Bitcoin got absolutely crushed last night. Down 26% on the day. Why? So steep was the fall that any leveraged long (and there are many) got swept up in the decline on both regulated and un-regulated exchanges, there was a great deal of forced selling which found buyers with stronger hands. Bitcoin is not like the stock exchange, there are no breakers, the market never ever closes. When the S&P is down 7%, trading halts, again at 10%. Not so bitcoin, it trades, without pause, continually. 24/7 trading for 11.5 years so far.
This is a big test of its resilience and it is passing. The bond and equity markets are failing the same test. Last night the Federal Reserve announced $1.5 trillion of support for financial markets which cannot support themselves. That is 10x bitcoin’s market capitalisation. (We’ll cover that next week).
Bitcoin is surviving on its own, the rest of the markets are on life support. Ride out the storm because when it turns it will turn much harder than last night’s fall.
Remember, this is our exact playbook, unlimited money printing and unfunded fiscal stimulus. It’s happening.
Monday was fun and you would have seen lots of charts, most of them looking like the downhill course at Hahnenkamm. This was my favourite though, it shows the difference between the borrowing rate on a 2 year and 10 year United States Treasury Bill. As a rule, the longer you borrow money for, the more the lender wants in return. So, a 2 year rate might be 3%, a 10 year rate might be 5%. It makes sense because things happen, the world is uncertain and you need to be compensated as a lender for that risk.
Our chart however shows us that in lending to the US government, the difference in rate of lending for 2 and 10 years is 0.045%, a differential that fell 80% on Monday. These are not penny stocks, these are the largest markets in the world. The United States has US$22 trillion of debt out there, trading. It’s more than their entire GDP and average daily volumes exceed half a trillion dollars.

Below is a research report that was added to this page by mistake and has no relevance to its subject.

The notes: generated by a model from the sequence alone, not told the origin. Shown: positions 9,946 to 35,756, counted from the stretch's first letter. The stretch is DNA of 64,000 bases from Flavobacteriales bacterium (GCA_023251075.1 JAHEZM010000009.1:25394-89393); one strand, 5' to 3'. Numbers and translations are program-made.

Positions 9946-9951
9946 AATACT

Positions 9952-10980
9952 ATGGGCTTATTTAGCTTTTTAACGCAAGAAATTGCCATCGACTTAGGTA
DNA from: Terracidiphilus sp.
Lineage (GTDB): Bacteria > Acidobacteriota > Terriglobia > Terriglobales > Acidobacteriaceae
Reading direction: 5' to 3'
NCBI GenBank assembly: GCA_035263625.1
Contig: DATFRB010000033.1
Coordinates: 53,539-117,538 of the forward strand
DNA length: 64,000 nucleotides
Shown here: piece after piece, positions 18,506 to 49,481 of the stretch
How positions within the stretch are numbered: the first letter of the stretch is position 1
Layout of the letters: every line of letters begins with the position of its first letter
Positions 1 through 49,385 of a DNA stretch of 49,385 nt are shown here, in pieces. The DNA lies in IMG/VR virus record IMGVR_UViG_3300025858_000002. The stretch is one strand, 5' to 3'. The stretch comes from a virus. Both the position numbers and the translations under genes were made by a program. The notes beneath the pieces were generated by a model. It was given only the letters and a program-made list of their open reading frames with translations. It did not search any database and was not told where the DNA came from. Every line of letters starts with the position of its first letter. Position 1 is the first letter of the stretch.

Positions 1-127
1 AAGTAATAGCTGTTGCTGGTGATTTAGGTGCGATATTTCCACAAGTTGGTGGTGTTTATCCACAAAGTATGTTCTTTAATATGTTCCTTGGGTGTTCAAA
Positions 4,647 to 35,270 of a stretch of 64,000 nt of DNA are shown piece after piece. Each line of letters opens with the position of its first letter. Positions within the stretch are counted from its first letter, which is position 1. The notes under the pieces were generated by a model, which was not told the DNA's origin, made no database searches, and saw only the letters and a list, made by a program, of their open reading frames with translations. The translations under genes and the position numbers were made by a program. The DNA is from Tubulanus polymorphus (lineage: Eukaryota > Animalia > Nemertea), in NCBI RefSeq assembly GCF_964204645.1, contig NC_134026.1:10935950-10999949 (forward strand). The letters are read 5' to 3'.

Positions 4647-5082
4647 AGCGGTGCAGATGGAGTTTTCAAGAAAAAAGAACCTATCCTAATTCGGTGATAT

In years 3 – 10 of lending to the US you will receive 0.045% return annually. For benefit of good order, I have done the compounding for you. 0.36% for the 8 years under consideration.
What we are witnessing is the destruction of the value of money, so much has been printed since 2008 that it simply no longer matters. The largest market in the world is speaking, it is saying that money is infinite, the belief in the market is that the Federal Reserve, The ECB will simply “do a Japan” print like crazy and buy everything to keep prices high. It seems they have no option, I think the market is right.
Here in Australia we never got quantitative easing. Back in the financial crisis, the government bought everyone a flat screen TV and a pizza and that was the extent of the required stimulus (plus a gold plated guarantee for bank deposits). This time around only old people get are getting a new TV but the government is still spending $17 trillion of money it doesn’t have. The further question is, what else will the central bank do?